13. For an introduction to multi-sided markets and platforms, see Jean Tirole, Jean-Charles Rochet, Two-Sided Markets: An Overview,
14. See Bertin Martens, An Economic Policy Perspective on Online Platforms, JRC Technical Reports, Digital Economy Working Paper
2016/05, 2016.
15. See Article 5 of the OECD Model Tax Convention for the Avoidance of Double Taxation.

                                          7 / 13
4 A proposal for a European solution

                          Over the last year, the European and international debate has seen a number of proposals on
                          how to tax digital companies.16 The most concrete example in the European context is the
                          twin proposal made by the European Commission, which, one, puts forward the short-term
                          taxation of revenues for large corporations (so-called DST or digital services tax) and, two,
                          foresees the creation of a virtual permanent establishment over the longer term. Elsewhere,
                          we have discussed in detail where we consider these proposals to be sensible and where we
                          consider them problematic.17

                          The main problem with regard to the long-term solution – as proposed by the Commission –
                          is that it fails to broaden the definition of value creation. Therefore, we propose expanding the
                          Commission’s proposed Directive so that it:
The main problem
with regard to the                 •   first, defines a “virtual permanent establishment” that is made up of the user network,
long-term solution –
as proposed by the                 •    econd, regulates the use of the “virtual permanent establishment” as an intangible
Commission – is that                   asset and its price, and
it fails to broaden the
definition of value                •   t hird, introduces a data declaration so that the tax authorities can gain the necessary
creation                                insight into how businesses use data.

                          4.1. Where should taxes be levied in future? – “virtual permanent establishments”
                          If one wants to assign taxation rights to a country, there must be a permanent establish-
                          ment there. The basic requirement would be that there are users in that country. However,
                          individual user interaction says nothing about its type or share in value creation (see step
                          2 below for more in this regard). Instead, the value is generated through the complex in-
                          teraction of a very high number of users and their data within a network. Thus, it is not the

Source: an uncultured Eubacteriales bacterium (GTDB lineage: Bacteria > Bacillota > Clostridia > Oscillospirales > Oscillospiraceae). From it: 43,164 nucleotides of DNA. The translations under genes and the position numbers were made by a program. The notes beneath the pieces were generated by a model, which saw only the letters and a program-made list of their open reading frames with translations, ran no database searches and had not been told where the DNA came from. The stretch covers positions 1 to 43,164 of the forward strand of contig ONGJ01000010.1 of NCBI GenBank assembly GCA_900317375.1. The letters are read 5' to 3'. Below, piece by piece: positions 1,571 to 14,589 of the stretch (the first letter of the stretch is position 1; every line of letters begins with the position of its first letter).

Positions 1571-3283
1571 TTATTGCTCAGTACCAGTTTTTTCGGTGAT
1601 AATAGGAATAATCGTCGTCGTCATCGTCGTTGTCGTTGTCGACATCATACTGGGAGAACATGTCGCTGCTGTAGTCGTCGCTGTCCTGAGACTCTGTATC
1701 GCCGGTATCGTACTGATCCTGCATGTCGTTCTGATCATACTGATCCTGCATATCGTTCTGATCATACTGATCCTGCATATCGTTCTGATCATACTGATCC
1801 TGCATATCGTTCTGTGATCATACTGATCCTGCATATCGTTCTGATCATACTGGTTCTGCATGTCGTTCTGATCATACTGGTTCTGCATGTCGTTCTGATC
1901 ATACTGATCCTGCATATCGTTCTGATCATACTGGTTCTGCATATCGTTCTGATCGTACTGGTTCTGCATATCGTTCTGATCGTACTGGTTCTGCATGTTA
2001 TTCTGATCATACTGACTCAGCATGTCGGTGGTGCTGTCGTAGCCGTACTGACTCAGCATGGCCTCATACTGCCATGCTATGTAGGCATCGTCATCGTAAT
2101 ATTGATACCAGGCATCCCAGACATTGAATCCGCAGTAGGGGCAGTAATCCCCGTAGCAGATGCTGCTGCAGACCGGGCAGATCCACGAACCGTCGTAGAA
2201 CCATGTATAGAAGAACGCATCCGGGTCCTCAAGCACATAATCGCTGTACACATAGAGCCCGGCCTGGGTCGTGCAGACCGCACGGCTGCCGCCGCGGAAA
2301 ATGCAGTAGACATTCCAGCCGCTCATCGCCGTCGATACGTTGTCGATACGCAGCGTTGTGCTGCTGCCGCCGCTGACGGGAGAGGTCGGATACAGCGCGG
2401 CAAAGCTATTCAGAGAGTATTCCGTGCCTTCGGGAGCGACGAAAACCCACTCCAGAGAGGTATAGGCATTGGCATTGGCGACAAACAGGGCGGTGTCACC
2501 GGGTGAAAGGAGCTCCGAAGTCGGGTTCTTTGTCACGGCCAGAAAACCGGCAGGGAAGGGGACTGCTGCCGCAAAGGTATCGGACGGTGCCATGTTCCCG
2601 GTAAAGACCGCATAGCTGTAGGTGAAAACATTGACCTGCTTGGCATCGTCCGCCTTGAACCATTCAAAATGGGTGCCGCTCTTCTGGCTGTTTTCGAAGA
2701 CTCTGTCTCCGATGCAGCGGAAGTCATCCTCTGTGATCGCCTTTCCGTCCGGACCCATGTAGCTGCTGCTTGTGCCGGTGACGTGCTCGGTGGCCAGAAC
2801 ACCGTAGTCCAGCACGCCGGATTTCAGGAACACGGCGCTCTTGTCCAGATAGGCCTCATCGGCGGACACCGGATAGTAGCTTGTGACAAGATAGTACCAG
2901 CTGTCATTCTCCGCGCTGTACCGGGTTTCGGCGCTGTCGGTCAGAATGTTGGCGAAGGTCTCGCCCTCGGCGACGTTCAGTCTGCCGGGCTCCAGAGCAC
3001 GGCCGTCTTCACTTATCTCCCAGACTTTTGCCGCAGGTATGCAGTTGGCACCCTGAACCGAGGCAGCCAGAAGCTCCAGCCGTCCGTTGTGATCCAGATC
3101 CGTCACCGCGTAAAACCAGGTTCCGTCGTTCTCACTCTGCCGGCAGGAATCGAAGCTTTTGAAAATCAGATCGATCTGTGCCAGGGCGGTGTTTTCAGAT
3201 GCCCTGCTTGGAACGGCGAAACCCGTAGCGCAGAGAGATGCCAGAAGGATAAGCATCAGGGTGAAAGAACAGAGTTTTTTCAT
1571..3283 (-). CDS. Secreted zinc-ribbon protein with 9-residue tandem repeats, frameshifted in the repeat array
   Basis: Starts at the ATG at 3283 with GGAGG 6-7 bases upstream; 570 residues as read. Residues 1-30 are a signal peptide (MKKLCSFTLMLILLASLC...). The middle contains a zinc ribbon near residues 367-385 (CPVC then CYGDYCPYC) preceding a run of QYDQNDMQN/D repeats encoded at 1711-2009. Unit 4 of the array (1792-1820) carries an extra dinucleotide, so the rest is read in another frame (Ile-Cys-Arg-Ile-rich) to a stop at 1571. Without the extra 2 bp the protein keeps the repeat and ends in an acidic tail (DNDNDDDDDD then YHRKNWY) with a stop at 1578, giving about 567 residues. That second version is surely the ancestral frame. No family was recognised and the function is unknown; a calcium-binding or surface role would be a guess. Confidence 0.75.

mere existence of individual users that should be made a sufficient prerequisite for a per-
                          manent establishment, but rather the presence of a user network. As soon as a company
                          has a network of users in a Member State, it also has a permanent establishment. Here
                          we essentially are adopting the idea of Johannes Becker, Joachim Englisch and Deborah
                          Schanz, who coined Sustained User Relationship (SURE)18 as a starting point for taxation.

                          16. The international debate is largely taking place within the framework of the OECD-BEPS Action Plan (
                          beps/beps-actions.htm) where BEPS means: Base Erosion & Profit Shifting). It consists of 15 action points through which challenges
                          to the international taxation system posed by globalisation and digitalisation can be met. Action point 1 addresses the digital econ-
                          omy. Within its framework the members of the so-called OECD/G20 Inclusive Framework on BEPS, a group of more than 110 member
                          states, under the mandate of G20 finance ministers, are due to come up with concrete solutions by 2020. In 2015 the Action I Report
                          on this was published. The Interim Report followed in 2018 and in 2019 this was augmented by a {Policy Note for specific work up to
                          2020. The OECD’s goal here is a comprehensive reform of the international taxation system.
                          17. For a detailed presentation of the proposals made by the EU Commission and an overview of the European debate, see also Pola
                          Schneemelcher, Takes Two to Tax, 05.2018.
                          18. See Johannes Becker, Joachim Englisch & Deborah Schanz, How Data Should (Not) Be Taxed, 11.2018.

                                                                     8 / 13
With this proposal, we want to significantly broaden the definition put forward in the Com-
                         mission’s Directive Proposal. So far, “significant digital presence”19 has been defined solely
                         by thresholds for user totals, revenues from services through a digital interface and con-
                         tracts concluded for the provision of said services. Our proposal portrays digital value
                         creation in a much more comprehensive manner.

                         4.2. What should be taxed? – use of the “user network” intangible asset
                         A permanent establishment alone, regardless of whether it is physical or virtual, is simply the
                         prerequisite for a country to be able to tax profits at all, and to do so in line with the value creat-
                         ed there. For the profit generated to reflect value creation as well, a second step is necessary
                         on top of the definition of a permanent establishment: the user network should be defined as